Battles are being fought over the future of coal – in the U.S. and around the world — and their outcome will have a profound effect on the global climate. A new Administration has pledged to undo federal climate laws and pull out of the Paris Climate Agreement in a bid to revive the shrinking U.S. coal industry. At the same time, as the world mobilizes in response to global warming, there are strong economic, political, technological and social trends that will keep pushing the world away from coal.
In this talk, author and attorney Barbara Freese explains today’s coal and climate battles, including: how the recent coal rush turned into a coal crash; how bipartisan climate action was replaced by partisan climate denial; how the development of so-called “clean coal” technology has stalled while renewable technologies have soared; how a new generation of climate activists are working to keep coal underground; how investors are increasingly concerned about the so-called “carbon bubble” propping up the stock prices of fossil fuel companies; and how surprising drops in China’s coal use are fueling optimism among those fighting climate change.
Barbara Freese is the author of Coal: A Human History, selected as a New York Times Notable Book and recently released in an updated edition. This critically-acclaimed book tells the story of how coal has transformed the world over the centuries, describes the drama swirling around coal use today, and explains why coal represents such a profound threat to the global climate.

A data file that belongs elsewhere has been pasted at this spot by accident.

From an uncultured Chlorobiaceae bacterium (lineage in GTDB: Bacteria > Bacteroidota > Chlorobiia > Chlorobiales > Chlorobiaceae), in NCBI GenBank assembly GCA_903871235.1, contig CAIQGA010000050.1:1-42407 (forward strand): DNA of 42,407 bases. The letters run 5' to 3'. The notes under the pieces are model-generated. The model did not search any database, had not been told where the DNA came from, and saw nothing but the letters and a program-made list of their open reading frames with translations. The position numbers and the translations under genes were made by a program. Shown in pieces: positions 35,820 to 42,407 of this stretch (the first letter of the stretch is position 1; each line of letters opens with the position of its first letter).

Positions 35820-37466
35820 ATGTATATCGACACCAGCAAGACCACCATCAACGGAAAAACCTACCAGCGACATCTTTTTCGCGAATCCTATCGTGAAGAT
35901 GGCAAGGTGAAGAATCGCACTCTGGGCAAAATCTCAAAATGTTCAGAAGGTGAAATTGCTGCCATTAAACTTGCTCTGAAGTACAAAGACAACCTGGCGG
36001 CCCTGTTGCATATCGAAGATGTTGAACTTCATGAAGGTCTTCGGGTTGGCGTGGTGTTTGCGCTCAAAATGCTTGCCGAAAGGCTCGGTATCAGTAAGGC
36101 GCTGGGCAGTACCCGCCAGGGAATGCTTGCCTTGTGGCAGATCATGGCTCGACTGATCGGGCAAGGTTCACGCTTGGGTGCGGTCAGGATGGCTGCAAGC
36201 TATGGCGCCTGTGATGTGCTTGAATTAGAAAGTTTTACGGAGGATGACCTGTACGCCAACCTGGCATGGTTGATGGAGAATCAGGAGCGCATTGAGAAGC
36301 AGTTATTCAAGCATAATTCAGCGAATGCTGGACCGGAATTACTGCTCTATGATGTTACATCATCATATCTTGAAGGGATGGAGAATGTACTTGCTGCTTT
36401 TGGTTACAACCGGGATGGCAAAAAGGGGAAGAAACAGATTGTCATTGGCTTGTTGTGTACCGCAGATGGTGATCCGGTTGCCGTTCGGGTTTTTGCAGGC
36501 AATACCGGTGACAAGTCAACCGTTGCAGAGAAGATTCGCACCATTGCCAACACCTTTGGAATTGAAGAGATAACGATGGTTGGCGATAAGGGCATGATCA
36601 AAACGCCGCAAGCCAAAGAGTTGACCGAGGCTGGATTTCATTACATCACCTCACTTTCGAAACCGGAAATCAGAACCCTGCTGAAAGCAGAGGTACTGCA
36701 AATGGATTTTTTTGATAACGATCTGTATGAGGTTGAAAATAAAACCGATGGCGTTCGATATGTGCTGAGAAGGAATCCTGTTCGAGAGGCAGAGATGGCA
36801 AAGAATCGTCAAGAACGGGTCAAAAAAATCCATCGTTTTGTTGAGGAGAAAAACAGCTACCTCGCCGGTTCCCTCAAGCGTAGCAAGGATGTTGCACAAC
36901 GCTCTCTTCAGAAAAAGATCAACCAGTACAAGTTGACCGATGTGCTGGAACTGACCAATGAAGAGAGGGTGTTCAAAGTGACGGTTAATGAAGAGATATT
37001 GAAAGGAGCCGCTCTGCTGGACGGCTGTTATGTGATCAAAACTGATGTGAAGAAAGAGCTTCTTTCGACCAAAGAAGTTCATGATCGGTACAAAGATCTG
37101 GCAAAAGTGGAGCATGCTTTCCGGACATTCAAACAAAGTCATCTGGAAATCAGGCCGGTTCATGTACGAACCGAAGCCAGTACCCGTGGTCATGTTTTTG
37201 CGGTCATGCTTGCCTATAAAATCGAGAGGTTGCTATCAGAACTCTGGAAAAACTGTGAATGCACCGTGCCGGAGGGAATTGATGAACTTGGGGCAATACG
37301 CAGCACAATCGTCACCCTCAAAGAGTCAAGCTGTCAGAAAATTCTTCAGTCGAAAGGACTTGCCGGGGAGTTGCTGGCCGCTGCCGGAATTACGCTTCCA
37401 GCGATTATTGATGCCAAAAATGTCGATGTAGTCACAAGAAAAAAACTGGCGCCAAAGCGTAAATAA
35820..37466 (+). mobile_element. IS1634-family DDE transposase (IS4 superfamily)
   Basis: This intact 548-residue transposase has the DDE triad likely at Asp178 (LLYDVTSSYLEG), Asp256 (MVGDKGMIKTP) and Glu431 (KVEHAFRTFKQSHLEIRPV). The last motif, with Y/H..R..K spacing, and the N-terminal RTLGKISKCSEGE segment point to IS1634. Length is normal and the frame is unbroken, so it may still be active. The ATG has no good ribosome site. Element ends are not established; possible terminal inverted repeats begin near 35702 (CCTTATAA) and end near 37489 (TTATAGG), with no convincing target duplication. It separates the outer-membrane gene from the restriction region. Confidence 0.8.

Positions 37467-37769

Freese is also an environmental attorney, policy analyst and speaker who has for several years been deeply involved in energy and climate issues, with a particular focus on coal. She has fought to block the construction of new coal plants and to enact climate protection laws at the state and federal level, and she co-authored multiple reports on coal use when she was a senior policy advocate on the staff of the Union of Concerned Scientists. She has also taught about fossil fuels and climate, including as a policymaker in residence at the University of Michigan’s Ford School of Public Policy. In the mid-1990s, when she was an Assistant Attorney General for the State of Minnesota, Freese litigated the science of climate change against the coal industry, confronting first-hand the science denial that would later become so prominent in the U.S.
She has a J.D. from NYU School of Law and a B.A. from the University of Minnesota. She is currently writing a new book about how various industries have responded to evidence that their product causes harm.